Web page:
California Rainy Day Fund Yields Results in Bond-Market RecoveryRomy Varghese
California is once again the Golden State in the eyes of municipal-debt investors.
Bonds of the state, which was so strapped after the recession that it took to issuing IOUs and drew comparisons to Greece, are the best performers in the $3.6 trillion tax-exempt market this year after the obligations of Michigan. Investors are even willing to accept yields lower than benchmark indexes on the state’s short-maturity debt, data compiled by Bloomberg show.
California plans to take advantage of the renewed faith in its finances by selling $1.9 billion in general obligations this week in the first offering of the securities since Standard & Poor’s raised the state’s credit rating to its highest level in 14 years. California’s economy is expanding faster than the nation’s, in part because of the technology-industry boom.
“The state of California has done a very nice job as far as improving its fiscal situation,” said Greg Kaplan, director of fixed income in San Francisco at City National Bank’s Rochdale unit, which manages $4.4 billion in munis. “Five years ago, people didn’t want that paper. That fear is gone.”
In July, S&P lifted the state’s rating to AA-, its fourth-highest level, and pointed to passage of a budget that directed money to a rainy-day fund approved by voters in November. The fund, which requires the state to save a portion of capital-gains taxes, helps cushion the state when receipts fall, the company said.
“It was important to see them enact a budget that represented an extension of their recent approach to their fiscal policy, which has been to emphasize structural alignment between the ongoing revenues and recurring expenditures,” Gabriel Petek, a San Francisco-based S&P analyst, said Monday.
Investors have also liked how California under Governor Jerry Brown has notched budget surpluses after more than $100 billion of cumulative deficits from 2000 through 2010.
“Governor Brown has put the fiscal house in order,” said Ben Woo, senior municipal analyst at Columbia Threadneedle Investments, which manages about $30 billion in local debt. “Compared to the chaotic political environment we’re seeing in New Jersey and Illinois, California is a much better credit environment than some other states.”
Investors are demanding about 0.18 percentage point over top-rated debt to own 10-year California securities, close to the 0.17 percentage point low since 2013, according to data compiled by Bloomberg. That’s down from a peak of about 1.7 percentage points in 2009, when the state resorted to IOUs to pay bills.
That’s also better than the 0.52 percentage point for debt issued by Pennsylvania, which has the same investment-grade ratings from S&P and Moody’s Investors Service.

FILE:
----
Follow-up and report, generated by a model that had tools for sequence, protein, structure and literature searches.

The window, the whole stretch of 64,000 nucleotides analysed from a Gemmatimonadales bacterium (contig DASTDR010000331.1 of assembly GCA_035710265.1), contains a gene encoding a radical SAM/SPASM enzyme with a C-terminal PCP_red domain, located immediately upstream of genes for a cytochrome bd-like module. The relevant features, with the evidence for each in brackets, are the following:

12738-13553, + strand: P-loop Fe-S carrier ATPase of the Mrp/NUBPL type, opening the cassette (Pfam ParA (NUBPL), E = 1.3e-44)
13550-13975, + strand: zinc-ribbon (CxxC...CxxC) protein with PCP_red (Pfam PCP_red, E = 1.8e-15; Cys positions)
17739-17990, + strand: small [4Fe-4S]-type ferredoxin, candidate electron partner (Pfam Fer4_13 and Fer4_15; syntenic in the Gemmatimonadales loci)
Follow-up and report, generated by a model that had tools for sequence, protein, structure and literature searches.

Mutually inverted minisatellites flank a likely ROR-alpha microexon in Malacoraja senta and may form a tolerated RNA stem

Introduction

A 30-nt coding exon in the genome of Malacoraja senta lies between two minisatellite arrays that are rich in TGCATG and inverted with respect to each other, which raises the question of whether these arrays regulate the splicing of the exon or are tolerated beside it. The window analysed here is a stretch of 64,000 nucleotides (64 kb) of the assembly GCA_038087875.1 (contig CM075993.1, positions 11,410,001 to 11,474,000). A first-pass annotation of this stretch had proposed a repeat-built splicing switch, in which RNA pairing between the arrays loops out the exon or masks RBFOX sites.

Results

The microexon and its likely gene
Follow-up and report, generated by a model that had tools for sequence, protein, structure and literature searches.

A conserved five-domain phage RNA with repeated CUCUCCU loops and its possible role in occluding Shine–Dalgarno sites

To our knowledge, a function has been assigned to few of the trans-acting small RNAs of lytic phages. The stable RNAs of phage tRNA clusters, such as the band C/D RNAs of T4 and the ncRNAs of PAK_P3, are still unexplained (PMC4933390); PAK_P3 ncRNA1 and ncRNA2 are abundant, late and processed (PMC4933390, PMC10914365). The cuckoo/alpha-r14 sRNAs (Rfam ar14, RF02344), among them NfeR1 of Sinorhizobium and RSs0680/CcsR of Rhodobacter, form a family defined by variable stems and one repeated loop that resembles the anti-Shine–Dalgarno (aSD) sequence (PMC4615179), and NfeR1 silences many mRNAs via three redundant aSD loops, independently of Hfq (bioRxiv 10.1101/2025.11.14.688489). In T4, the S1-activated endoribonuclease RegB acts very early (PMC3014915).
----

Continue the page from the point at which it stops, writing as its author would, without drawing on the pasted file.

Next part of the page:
If mutual-fund flows remain consistent, it’s a “pretty easy case to make” that California spreads can go to 0.1 percentage point this year, Kaplan said.
That level was seen in 2006 and 2007, before deficits for the nation’s most indebted state soared amid the recession and sparked comparisons to Greece, which recently received its third bailout since 2010 from European authorities to repay creditors.
California is selling bonds mostly to refinance debt and to fund capital projects such as roads and public buildings.
“We have to take advantage of our recent credit upgrades, and I encourage individual and institutional investors to get behind California and help us make this sale a success,” State Treasurer John Chiang said in a statement.
On Tuesday, when individual investors had a chance to order the securities, 10-year bonds were being marketed at a yield of 2.38 percent, according to a person familiar with the sale who requested anonymity because pricing wasn’t final. That compares with 2.21 percent for top-rated munis. Final prices will be set Wednesday.
The size of the deal might “take some digestion” and may prevent the state from testing new lows for yields, said Woo, the analyst at Columbia Threadneedle.
Adrian Van Poppel, who helps run a California fund for Wells Capital Management in San Francisco, said he would want risk premiums above those seen on existing bonds before buying.
“It’ll just come down to pricing for us,” he said. “You’re not getting much” in extra yield for debt maturing under five years.
Investors are demanding 0.57 percent to own California two-year bonds, less than the 0.6 percent for benchmark munis, according to data compiled by Bloomberg.
“We’ll definitely be following it,” Van Poppel said. “They’ve been moving in the right direction.”
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